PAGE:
What They Say:
When the gods were driven from their home in Tetra-Heaven, they made their way to the human world, causing unimaginable chaos. People with special abilities began to awaken, and terrifying beasts known as Foreigners arrived through Paradox Zones to wreak havoc in the world. Logicalists—a special police force with the power to enter Trances with goddesses—were employed to protect citizens from these otherworldly beings and maintain order. But the war against these incursions is only just beginning.
Yoshichika Tsurugi once held the power of the Logicalists and fought to protect his home, until an incident in Hong Kong caused him to lose his Logic Card and abilities. But when the goddess Athena appears with his card in hand and wants to fight beside him, he must choose between staying a civilian or embracing his powers once more.
Foreigners, Paradox Zones, and the fate of the world—Yoshichika and his team will face powers they’ve never dreamed of to keep their home safe!
The audio presentation for this series brings us the original Japanese language track in stereo while the English mix gets a bump up to 5.1 status. Encoded using the Dolby TrueHD lossless codec, the series is one that works well overall with its balance of action and dialogue. The action scenes have some good impact to them both with bass from time to time but more so with placement and overall movement. There are some very good sequences of action throughout with a lot of variety to it and it’s well handled here with both mixes, coming across clean and with impact as needed. The dialogue itself is done up right when it comes to the various levels it runs with and there’s some solid placement from time to time throughout it. Both tracks come across in a very clean and clear form where we had no problems with dropouts or distortions during regular playback.
Originally airing in 2016, the transfer for this TV series is presented in its original aspect ratio of 1.78:1 in 1080p using the AVC codec. The twelve episodes are spread across two discs with nine on the first and three on the second. Animated by Doga Kobo, the property really looks fantastic here with beautiful character designs combined with some visually striking color choices. It has a level of pop and vibrancy to it that would be off-putting in a real-world show but works well here, both in the costume design of the characters but also in the creatures and others they have to deal with. These colors naturally stand out but there’s a lot of great detail throughout the show that’s solid and problem free as well as more standard color choices that are free of noise. It’s a great looking show whose encoding brings it to life in a way that really lets it stand out and define it.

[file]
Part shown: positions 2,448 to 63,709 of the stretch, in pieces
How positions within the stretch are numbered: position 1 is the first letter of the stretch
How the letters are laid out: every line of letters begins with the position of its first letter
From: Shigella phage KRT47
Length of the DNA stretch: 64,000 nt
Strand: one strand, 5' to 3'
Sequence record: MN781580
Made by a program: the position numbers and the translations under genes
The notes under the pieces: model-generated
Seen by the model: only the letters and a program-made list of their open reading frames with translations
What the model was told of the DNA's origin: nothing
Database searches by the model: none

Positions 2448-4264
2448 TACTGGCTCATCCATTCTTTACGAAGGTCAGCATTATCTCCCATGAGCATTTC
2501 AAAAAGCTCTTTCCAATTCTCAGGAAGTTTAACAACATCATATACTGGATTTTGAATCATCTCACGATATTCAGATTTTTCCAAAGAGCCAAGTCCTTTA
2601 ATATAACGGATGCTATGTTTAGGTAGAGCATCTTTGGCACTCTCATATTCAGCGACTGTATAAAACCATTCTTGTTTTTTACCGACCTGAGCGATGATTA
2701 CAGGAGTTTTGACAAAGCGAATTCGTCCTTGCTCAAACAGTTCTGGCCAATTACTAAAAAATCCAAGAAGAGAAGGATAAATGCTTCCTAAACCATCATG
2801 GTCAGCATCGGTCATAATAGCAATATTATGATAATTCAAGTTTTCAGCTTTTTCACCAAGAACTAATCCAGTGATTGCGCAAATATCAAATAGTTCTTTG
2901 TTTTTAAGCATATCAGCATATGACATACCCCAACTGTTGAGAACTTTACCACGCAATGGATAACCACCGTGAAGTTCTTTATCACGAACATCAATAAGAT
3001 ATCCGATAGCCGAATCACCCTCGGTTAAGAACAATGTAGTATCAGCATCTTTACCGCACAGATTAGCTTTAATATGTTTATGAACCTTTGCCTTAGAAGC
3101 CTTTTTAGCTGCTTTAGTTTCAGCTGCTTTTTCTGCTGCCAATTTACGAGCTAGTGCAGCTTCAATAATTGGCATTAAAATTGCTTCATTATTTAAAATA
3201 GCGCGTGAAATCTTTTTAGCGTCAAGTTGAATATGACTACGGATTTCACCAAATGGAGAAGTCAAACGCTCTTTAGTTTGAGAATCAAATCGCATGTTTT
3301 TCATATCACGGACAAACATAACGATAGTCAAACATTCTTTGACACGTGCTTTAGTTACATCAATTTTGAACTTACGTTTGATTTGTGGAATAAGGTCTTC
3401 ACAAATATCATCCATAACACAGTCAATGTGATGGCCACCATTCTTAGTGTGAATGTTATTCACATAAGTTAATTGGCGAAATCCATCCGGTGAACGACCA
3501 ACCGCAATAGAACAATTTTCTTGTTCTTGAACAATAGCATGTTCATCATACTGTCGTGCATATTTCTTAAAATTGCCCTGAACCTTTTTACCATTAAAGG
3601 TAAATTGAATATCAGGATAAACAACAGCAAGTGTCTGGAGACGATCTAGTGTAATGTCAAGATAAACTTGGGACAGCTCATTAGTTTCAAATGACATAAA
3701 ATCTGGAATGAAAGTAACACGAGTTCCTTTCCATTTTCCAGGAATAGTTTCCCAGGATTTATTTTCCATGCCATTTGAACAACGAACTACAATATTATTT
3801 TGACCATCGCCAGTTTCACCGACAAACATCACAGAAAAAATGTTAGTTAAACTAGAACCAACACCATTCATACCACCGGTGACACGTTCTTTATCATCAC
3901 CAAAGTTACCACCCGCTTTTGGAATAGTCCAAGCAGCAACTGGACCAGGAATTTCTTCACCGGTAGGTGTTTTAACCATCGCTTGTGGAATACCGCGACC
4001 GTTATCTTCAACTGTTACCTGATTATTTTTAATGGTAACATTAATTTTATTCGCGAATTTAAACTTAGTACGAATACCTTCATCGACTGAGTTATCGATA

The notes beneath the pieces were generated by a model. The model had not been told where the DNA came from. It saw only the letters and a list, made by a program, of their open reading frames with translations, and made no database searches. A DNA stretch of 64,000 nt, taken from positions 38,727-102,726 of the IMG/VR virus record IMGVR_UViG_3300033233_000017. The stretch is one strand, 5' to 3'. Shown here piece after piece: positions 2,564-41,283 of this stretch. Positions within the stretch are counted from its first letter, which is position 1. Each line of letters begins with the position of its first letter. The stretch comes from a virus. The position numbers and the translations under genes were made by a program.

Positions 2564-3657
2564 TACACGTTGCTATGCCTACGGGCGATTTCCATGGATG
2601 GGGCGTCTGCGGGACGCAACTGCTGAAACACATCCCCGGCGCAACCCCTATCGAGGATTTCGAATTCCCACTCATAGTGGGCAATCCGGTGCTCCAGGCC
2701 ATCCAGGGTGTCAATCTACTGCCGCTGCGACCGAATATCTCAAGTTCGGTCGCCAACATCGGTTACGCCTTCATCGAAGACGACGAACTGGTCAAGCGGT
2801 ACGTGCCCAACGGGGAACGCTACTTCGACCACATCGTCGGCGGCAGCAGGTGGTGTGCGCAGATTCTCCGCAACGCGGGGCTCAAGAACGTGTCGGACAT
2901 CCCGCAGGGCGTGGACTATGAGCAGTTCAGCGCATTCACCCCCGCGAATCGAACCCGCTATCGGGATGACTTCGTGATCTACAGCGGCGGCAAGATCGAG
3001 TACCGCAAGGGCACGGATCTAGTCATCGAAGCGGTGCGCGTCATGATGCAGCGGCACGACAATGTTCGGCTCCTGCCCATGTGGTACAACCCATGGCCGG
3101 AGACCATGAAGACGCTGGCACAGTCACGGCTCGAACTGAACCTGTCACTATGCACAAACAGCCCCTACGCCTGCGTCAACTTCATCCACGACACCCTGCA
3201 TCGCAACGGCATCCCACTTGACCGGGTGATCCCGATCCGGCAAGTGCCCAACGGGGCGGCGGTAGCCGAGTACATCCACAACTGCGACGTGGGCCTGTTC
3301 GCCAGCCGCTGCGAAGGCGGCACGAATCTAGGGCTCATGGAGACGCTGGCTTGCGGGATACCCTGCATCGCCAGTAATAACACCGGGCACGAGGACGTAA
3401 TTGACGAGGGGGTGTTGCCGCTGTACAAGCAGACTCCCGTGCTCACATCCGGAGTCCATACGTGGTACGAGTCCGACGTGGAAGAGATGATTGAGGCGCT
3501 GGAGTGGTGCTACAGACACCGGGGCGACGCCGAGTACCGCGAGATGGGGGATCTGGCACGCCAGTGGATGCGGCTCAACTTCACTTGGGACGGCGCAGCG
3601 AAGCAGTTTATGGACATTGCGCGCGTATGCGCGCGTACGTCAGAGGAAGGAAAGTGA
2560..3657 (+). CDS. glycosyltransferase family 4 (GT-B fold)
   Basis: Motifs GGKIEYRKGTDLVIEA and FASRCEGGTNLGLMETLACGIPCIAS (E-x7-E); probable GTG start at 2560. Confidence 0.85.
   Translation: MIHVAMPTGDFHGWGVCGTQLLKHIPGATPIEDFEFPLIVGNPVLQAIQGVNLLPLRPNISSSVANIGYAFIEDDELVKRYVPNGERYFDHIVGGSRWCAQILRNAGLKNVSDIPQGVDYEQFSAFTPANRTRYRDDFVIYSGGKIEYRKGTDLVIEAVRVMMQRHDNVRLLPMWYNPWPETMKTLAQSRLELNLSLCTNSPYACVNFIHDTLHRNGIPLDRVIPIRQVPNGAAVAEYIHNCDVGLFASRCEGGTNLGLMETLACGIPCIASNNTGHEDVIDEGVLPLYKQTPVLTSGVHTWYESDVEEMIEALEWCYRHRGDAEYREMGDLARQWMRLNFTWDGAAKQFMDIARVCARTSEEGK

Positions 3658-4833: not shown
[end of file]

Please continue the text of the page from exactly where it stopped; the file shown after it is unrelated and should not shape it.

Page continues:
The packaging for this release comes in a slightly thicker than standard Blu-ray case with the four discs of the two formats on hinges. The release also comes with an o-card for the first pressing that replicates the cover artwork itself, though the cardstock gives it a bit more color vibrancy. The design is a familiar key visual piece with the main cast arrayed around the logo in the middle and it’s filled with a lot of color that definitely make sit stand out while running dangerously close to being garish. But it also shows off the designs nicely, particularly for costumes and color, so you have an idea of what you’re getting into. The back cover keeps it simpler with green and white as the defining colors and that gives it a more cohesive and distinctive feeling. The character artwork to the right is solid and the small shots from the show are largely forgettable along the bottom. The bulk of what we get here is a decent breakdown of the premise in the middle while the technical grid along the bottom is well-handled with the color design to make it so that it can be read easily as well as being accurate. While there are no show related inserts included with this release, we do get a really nice piece of artwork on the reverse side with a two-panel spread of the main cast of characters.
The menu design for this release keeps things simple as we get the static menu design where half of the screen is made up of key visual material, which looks great here with the pop of color and vibrancy, while the right side features the navigation. That stands out well with the white background combined with the green used for the logo and the block where the navigation itself is along the lower right. The navigation is very simple with little here overall but it’s easy to read and works smoothly both as a pop-up menu and as the main menu. Selections load quickly and everything is problem free.
The only extras included with this release are the clean versions of the opening and two ending sequences. It’s very unfortunate that the web-based shorts were not included in this release, however.